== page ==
One way Sun is going to work with the growth of mobile Internet devices will be to develop a new mobile-phone software platform called JavaFX. JavaFX, which includes JavaFX Mobile, is intended to make developing mobile phone software easier, and will run existing Java ME applications. Sun announced JavaFX at JavaOne last month, and released JavaFX Script, a new declarative scripting language to build “rich content” applications. Schwartz said Sun will release JavaFX as free open source software. The license will be partly restrictive. The JavaFX website says handset manufacturers will need to purchase an OEM license to embed JavaFX on their devices. Perhaps JavaFX will solve some of the difficulties developing mobile applications for Java ME, where every application has to be customized for nearly every possible device.
Schwartz spoke at some length of Sun’s commitment to open source software. He said Sun spent $500 million to release Solaris as open source, both in staff time and the cost of procuring intellectual property. Sun also provides a free open source Java development kit, a free IDE (NetBeans), a free JEE server (GlassFish), and other open source projects that must cost Sun a large amount of money.
audience we have to serve has
no money and spends no money.
It’s you. And we love you.”
Sun’s large investment in the free, open source software business is still one area I haven’t figured out. My question has always been will Sun ever generate enough goodwill or product synergies to sell hardware to go along with that free software? Schwartz seemed to acknowledge the difficulty in transferring the gift of software into sales of profitable hardware: “Unfortunately the most important audience we have to serve has no money and spends no money,” Schwartz said. “It’s you [the developer],” he said with a laugh, “and we love you.”
Will the love from the developer community transform into money? For example, Schwartz said that 70% of Sun’s free Solaris operating system is installed on non-Sun hardware, like Dells and HPs. He said Solaris’s exposure beyond Sun hardware opens the door to new customers. But do companies or developers installing Solaris for free on an x86 platform ever end up buying Sun blade servers, Sun disk arrays or Sun tape storage?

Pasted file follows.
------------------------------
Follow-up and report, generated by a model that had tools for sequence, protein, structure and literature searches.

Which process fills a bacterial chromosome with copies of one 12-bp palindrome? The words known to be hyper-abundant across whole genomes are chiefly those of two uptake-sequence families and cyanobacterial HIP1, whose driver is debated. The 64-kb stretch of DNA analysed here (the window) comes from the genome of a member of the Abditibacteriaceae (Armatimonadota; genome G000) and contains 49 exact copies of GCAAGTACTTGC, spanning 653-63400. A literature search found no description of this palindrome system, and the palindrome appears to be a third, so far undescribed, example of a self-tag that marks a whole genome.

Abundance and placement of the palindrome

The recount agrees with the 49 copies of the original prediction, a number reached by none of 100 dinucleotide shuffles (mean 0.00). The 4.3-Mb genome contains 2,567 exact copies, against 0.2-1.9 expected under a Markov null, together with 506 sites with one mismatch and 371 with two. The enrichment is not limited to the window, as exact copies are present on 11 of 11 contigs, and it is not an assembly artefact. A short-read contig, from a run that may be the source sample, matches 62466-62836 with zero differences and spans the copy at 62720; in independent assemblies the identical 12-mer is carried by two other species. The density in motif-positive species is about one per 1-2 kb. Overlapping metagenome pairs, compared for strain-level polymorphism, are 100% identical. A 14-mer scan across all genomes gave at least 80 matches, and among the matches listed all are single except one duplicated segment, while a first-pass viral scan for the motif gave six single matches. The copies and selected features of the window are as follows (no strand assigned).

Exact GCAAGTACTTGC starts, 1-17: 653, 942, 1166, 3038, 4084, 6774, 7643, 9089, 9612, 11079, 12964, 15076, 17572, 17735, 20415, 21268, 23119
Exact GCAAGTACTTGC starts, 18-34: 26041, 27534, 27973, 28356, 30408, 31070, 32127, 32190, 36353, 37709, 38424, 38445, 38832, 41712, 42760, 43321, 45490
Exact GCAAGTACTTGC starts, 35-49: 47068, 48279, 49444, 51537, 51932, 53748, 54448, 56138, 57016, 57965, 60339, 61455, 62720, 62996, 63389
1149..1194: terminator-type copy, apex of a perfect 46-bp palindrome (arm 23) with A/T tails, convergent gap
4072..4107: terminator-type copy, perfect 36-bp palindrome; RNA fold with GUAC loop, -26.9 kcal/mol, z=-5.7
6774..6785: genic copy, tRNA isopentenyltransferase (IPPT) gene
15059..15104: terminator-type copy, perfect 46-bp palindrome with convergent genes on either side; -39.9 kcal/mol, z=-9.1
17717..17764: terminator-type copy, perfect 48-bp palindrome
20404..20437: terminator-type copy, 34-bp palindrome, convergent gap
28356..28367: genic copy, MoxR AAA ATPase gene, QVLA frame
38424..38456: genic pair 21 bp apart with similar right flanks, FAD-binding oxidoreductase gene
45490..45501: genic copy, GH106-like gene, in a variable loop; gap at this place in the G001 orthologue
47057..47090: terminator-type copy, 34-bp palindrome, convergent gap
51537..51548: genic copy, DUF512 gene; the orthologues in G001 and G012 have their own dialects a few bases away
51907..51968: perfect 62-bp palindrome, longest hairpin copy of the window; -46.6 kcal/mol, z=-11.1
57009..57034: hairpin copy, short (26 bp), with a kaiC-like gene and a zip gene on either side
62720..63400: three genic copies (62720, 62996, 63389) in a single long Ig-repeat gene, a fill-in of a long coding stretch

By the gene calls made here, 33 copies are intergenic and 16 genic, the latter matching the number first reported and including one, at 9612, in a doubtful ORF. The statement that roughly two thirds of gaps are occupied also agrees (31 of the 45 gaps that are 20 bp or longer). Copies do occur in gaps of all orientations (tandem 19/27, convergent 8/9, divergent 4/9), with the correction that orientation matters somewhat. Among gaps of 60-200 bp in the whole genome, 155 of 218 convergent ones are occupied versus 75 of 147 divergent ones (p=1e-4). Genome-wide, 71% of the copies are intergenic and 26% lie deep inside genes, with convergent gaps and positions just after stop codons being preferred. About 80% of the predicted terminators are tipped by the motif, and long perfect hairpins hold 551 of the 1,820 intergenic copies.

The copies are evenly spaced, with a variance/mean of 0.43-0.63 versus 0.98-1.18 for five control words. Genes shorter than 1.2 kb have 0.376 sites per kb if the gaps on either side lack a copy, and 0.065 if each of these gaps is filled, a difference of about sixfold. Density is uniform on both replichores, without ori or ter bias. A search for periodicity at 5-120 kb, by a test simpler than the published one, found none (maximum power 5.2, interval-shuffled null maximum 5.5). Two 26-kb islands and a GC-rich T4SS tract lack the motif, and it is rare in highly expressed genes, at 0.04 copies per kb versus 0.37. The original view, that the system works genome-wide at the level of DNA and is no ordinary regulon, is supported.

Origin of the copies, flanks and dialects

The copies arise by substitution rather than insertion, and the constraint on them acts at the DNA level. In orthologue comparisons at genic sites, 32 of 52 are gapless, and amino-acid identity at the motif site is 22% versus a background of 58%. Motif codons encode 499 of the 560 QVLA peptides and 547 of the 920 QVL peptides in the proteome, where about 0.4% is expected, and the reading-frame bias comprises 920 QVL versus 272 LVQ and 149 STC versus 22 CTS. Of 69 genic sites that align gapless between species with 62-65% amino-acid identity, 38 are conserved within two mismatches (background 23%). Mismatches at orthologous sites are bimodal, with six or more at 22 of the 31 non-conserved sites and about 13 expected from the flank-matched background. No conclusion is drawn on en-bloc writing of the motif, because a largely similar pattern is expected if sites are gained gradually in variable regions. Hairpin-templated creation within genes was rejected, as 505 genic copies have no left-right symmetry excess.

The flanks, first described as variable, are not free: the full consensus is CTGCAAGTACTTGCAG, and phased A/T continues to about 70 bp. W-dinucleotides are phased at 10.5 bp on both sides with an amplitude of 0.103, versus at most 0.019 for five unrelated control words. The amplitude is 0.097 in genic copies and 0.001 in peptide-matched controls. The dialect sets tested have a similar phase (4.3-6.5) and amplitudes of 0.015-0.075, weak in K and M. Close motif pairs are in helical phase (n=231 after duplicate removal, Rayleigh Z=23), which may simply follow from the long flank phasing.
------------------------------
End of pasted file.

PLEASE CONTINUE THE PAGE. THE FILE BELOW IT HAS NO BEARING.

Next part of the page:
Jonathan Schwartz at Sun Tech Days
He concluded by saying Sun will succeed by migrating away from commodity products toward innovative, market-leading products. Schwartz said the marketplace is split into segments growing faster than Moore’s Law and those growing slower, which I took to mean the capabilities or innovations in some market segments is doubling every two years. The segments growing faster than Moore’s Law, he said, are the consumer Internet, high-performance computing, simulations/analytics, and software as a service. Those growing slower are payroll, ERP, general ledger, and CRM. Products in the “slower” market segments will get cheaper every year.
Although he acknowledged Sun makes its payroll selling commodity products attractive to the “slower” market segments, the growth (and profit) is in the faster segments. “If you’re in our business,” he said, “you don’t want to hang out too long at the bottom.”
For innovative products, he mentioned Sun’s focus on power-efficient hardware, its new Sun Fire X4500 storage server with 24 terabytes capacity at less than $2 per gigabyte, and its portable, self-contained data center that fits inside a standard shipping container (Project Blackbox). The primary costs in running a data center today, he said, are people to run them, real estate, and electricity, in that order. Sun is therefore focusing on products that reduce the need for human intervention, fit in a smaller area, and consume less power.
Will the focus on high-margin, innovative hardware help Sun succeed? As a longtime Java developer, I have a special warm feeling for Sun. Sun gave us the Java platform. Sun donated the popular Tomcat web application server to open source. And Sun’s recent attention back to Java developers has been heartening, with its major improvements to NetBeans, its development of GlassFish, and Java’s new dynamic/scripting-language support, including the development of Ruby as a first-class JVM language. Yet most of what I heard from Schwartz on Thursday was that giving us all this software for free costs a lot of money, and Sun’s focus needs to be on selling innovative hardware. What I didn’t hear Schwartz explain was why Sun is focusing on free, open source software for developers — how it helps Sun’s bottom line — and thus a strong feeling that the support will continue.